Editorial: Detection of viruses in sludge, effluents and waters – The case of COVID-19

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by Anil V. Shah, R. M. Ramanuj, K. B. Vaghela and Sunita Varjani*
Gujarat Pollution Control Board, Sector-10A, Gandhinagar – 382010, Gujarat, India.
*Corresponding author: drsvs18@gmail.com

Abstract
Viruses may occur, survive and/or decay much differently from bacteria in water. Pathogens, if not removed properly from wastewater may enter in water bodies and cause infections. Among the diseases caused by viruses some have been reported severe. COVID-19, SARS-CoV and MERS-CoV are recent examples of how coronaviruses infect humans. We have no tools to control the disease except social isolation. COVID-19 is enveloped, non-segmented, positive-sense RNA virus having high mutation rate and it may emerge in the future and pose challenges for the water and wastewater industries. COVID-19 is having very less literature available. It is very important that it should be treated by proper treatment at source i.e. Effluent Treatment Plants (ETP) and Sewage treatment plant (STP) operators/Heath care facilities. Investigations regarding COVID-19 outbreak are on-going, and the information that we have right now may change as we learn more about this virus. Chlorination has been reported to be the proper treatment of it at source. If not treated properly this may enter in the water cycle. In this paper, exertions are mainly focused at methods of detection of various types of viruses. Future needs for the development of new technologies for virus elimination and source control have also been highlighted.

Key words: Coronaviruses, SARS, respiratory, Chlorination, Disposal

1. Introduction
Seasonal flu has been reported to be caused by viruses. During 1918-20 “Spanish” influenza virus, killed approximately 50 million people (Taubenberger and Morens, 2008). Severe respiratory illness by Severe acute respiratory syndrome coronavirus (SARS-CoV) has emerged in Hong Kong in 2003 has been noted (Leung et al, 2003; Cheng et al, 2004). The Middle eastern respiratory syndrome coronavirus (MERS-CoV) emerged in Saudi Arabia in 2012 is also an example of disease caused by coronavirus (Vana and Westover, 2008; Morens et al., 2012; Guery et al., 2013). H1N1 (from pigs) and Spanish flu (from birds) were deadly but it’s RNA was slower to mutate. Recently, public fear is logical, because it has been reported that in Wuhan, China, at an animal market (December 2019), the coronavirus (COVID-19) mutated and made a jump from animal to humans, in just two week time, it mutated again and gained the ability to get transmitted from human to human. It has been reported to cause great damage to human lungs (OSHA, 2020; WHO, 2020a).Now it’s a troublesome situation, because we have no natural or acquired immunity for this virus, hence it is difficult to fight with it. We have no vaccine to control the disease except social isolation.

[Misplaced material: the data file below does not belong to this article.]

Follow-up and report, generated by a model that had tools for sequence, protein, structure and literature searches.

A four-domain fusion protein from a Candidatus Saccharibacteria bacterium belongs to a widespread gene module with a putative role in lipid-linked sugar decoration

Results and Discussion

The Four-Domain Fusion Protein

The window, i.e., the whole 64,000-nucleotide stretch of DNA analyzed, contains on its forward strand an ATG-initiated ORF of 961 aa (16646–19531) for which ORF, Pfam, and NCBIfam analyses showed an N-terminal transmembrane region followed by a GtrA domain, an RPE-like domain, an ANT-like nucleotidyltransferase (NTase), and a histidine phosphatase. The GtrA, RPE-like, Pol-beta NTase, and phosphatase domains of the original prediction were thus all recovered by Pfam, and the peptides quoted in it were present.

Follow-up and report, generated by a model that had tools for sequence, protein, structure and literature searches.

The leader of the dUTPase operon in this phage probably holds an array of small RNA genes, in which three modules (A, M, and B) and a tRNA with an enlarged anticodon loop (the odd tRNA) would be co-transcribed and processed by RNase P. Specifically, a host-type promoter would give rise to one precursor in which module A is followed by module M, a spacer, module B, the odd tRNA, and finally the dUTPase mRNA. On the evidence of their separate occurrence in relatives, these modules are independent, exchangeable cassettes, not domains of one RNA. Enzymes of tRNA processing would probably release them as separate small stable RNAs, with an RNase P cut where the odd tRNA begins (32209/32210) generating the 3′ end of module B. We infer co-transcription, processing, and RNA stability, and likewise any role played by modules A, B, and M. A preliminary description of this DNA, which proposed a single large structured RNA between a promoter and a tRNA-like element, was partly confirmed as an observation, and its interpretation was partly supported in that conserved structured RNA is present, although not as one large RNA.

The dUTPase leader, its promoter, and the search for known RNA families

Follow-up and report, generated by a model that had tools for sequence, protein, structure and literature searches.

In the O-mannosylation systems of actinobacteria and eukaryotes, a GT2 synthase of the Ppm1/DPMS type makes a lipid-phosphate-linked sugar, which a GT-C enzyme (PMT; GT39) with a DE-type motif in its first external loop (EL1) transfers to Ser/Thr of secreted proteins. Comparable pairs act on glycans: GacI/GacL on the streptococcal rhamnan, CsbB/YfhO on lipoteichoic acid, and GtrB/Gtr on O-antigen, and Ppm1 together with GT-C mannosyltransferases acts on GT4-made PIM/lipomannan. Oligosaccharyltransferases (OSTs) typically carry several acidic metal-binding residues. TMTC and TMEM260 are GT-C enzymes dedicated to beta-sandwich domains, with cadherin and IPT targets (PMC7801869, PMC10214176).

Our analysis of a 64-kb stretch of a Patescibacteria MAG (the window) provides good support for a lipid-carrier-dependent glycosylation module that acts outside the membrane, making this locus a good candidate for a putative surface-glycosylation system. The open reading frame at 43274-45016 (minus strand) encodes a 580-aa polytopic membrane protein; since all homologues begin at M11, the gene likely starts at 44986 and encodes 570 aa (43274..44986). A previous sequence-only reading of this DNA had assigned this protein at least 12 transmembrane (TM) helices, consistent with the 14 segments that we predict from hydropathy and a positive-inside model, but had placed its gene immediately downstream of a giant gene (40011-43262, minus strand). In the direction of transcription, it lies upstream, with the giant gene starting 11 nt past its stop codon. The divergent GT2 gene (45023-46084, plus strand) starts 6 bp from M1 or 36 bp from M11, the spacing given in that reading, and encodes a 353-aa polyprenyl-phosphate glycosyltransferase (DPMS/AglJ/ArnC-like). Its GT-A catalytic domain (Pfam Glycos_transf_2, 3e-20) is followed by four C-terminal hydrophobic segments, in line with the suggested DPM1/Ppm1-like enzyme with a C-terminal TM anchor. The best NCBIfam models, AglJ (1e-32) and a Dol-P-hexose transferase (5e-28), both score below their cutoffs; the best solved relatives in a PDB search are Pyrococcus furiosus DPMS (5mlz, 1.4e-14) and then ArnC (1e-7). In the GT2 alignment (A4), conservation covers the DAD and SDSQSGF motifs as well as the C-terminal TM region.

COVID-19 is enveloped, non-segmented, positive-sense RNA virus having high mutation rate and it may emerge in the future and pose challenges for the water and wastewater handlers. As ETP plants are main entry and expiry point of virus transmission, now a days there is a chance for presence of coronaviruses in drinking as well as domestic and industrial wastewater (Guery et al., 2013; Risku et al., 2010; WHO, 2020a).

Therefore in this paper, exertions are mainly focused at methods of detection of viruses from water/wastewater. The behaviour of viruses at each stage of treatment is reviewed. Particular attention is paid to the ETP unit operations, which play crucial roles in virus removals. Future needs for the development of new technologies for virus elimination and source control are also highlighted.

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